A Look at Fibre Optic Broadband
Modern technology has rained down a vast array of devices to become part and parcel of our lives, at work, at home, and just about everywhere else too.
Copper wires laid down to carry voice conversations have been laden with usage as time online has multiplied many, many times.
Web-connected laptops, tablets, smart-phones, smart tv’s online games consoles, tweets, likes, streaming films and working in the cloud, all add up to a large slice of bandwidth. It has to be transmitted somehow, and that is where optic fibre has become part of everyone’s everyday life.
The copper cables that carried our information for so long have been rather left in the dark ages as information is now carried by light.
Fibre optics are strands of high quality glass spun into a long cylindrical shape the width of a human hair or even thinner.
These single strands are clad in a mirrored coating which keeps the light inside the fibre optic as it travels along it.
The clad is coated in a thermoplastic coating and then a plastic jacket to keep it secure. These fibres can be bundled together to form a cable anything up to 200 strands in content. These cables can carry millions of pieces of information at the same time.
The information to be sent is translated from analogue into pulses of light and travel very fast, in fact, approaching light speed. The pulses reflect internally along the glass core bouncing along like bobsleigh running downhill.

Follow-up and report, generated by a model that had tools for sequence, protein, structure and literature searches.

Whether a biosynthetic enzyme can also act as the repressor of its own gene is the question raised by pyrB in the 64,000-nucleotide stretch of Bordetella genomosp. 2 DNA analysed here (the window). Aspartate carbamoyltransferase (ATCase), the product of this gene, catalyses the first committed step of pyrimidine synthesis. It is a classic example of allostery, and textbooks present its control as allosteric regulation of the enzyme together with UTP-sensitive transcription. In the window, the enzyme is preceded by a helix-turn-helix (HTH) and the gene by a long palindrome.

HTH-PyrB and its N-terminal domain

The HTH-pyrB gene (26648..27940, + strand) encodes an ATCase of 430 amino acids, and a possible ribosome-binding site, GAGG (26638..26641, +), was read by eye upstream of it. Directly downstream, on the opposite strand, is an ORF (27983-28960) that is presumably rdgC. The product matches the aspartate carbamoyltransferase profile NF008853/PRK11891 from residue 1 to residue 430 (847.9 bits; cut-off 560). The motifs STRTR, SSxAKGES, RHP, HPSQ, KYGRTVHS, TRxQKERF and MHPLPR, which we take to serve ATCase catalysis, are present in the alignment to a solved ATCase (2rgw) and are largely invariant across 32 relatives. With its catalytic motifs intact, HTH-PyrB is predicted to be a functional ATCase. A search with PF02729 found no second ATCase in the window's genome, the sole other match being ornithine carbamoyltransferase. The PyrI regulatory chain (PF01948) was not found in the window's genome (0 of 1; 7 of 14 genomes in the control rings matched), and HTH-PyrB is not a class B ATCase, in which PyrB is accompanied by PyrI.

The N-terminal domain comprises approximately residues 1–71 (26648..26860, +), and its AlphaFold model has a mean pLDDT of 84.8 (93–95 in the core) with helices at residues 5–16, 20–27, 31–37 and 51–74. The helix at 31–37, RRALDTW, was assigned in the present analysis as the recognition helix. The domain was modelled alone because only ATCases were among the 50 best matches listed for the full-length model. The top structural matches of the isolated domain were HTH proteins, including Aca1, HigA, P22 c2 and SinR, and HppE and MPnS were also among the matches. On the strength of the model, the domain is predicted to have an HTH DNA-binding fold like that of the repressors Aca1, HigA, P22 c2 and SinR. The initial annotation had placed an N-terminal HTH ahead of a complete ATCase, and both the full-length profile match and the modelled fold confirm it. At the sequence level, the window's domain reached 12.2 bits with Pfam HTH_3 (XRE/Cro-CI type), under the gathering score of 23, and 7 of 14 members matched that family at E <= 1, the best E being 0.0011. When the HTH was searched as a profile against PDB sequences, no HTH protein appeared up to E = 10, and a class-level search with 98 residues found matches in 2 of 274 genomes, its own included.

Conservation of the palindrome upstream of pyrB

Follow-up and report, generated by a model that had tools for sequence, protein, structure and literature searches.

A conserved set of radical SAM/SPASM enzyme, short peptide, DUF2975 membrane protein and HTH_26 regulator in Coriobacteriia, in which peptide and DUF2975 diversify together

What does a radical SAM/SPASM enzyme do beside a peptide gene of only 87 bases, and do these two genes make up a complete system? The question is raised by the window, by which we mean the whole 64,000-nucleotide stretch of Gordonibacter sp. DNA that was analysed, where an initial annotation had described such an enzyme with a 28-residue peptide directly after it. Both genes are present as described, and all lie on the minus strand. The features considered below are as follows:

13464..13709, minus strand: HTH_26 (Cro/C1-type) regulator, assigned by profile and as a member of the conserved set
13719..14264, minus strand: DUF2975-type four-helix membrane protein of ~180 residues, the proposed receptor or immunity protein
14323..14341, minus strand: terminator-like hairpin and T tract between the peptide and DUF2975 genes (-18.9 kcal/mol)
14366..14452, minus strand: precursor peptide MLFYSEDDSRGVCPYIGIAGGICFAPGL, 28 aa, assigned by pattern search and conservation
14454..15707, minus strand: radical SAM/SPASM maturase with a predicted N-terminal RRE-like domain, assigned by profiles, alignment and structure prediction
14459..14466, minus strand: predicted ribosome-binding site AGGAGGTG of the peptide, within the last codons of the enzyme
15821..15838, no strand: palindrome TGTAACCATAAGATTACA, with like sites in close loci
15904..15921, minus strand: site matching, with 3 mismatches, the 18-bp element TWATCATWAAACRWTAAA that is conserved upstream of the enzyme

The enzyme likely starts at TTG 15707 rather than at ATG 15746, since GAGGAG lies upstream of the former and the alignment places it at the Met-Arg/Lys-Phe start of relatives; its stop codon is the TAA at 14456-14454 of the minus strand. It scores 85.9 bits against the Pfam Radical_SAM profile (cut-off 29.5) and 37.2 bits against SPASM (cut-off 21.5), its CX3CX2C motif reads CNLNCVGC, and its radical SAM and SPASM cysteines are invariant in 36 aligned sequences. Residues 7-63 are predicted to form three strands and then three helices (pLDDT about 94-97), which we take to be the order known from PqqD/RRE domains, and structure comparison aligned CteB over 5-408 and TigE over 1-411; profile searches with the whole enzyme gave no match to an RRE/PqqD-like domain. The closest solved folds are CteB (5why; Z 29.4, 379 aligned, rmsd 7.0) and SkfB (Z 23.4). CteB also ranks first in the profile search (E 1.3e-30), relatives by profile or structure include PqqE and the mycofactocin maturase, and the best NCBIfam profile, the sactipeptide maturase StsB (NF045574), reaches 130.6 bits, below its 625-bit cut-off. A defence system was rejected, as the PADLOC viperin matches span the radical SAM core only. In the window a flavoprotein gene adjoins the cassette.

When they arrive at the other end they are translated back into a physically recognised format.
Fibre optic cables are now the primary channel for carrying information over long distances, primarily because they can carry greater bandwidth, carrying far more data than copper cables of the same diameter.
There is no cross-interference in optic fibre cabling which allows them to transmit information more reliably and with better signal quality. It is simpler and therefore cheaper, to maintain.
One of the greatest recognisable benefits is the download and upload speeds compared with copper cabling, in some cases it can be more than ten times the speed.
Fibre networks have enabled global networking of systems for business, cloud storage, cloud networking and secure globalised information sharing without delays.
Large IBM Server Hosting & Maintenance providers such as BlueChip have capitalised on the speed of this technology providing real time remote systems monitoring and management giving peace of mind and security to customers worldwide.
The phenomenal speeds of fibre optic cabling are restricted in most domestic situations by the fact that while the information can cross a continent at approaching light speed, it arrives at a junction box near your house to be transferred onto the copper cabling that runs to your home.
This adds time, and is something of a lottery of efficiency across the country. While often cost prohibitive for domestic applications, large corporations are comfortable to invest in fibre networking to give their systems the best possible performance.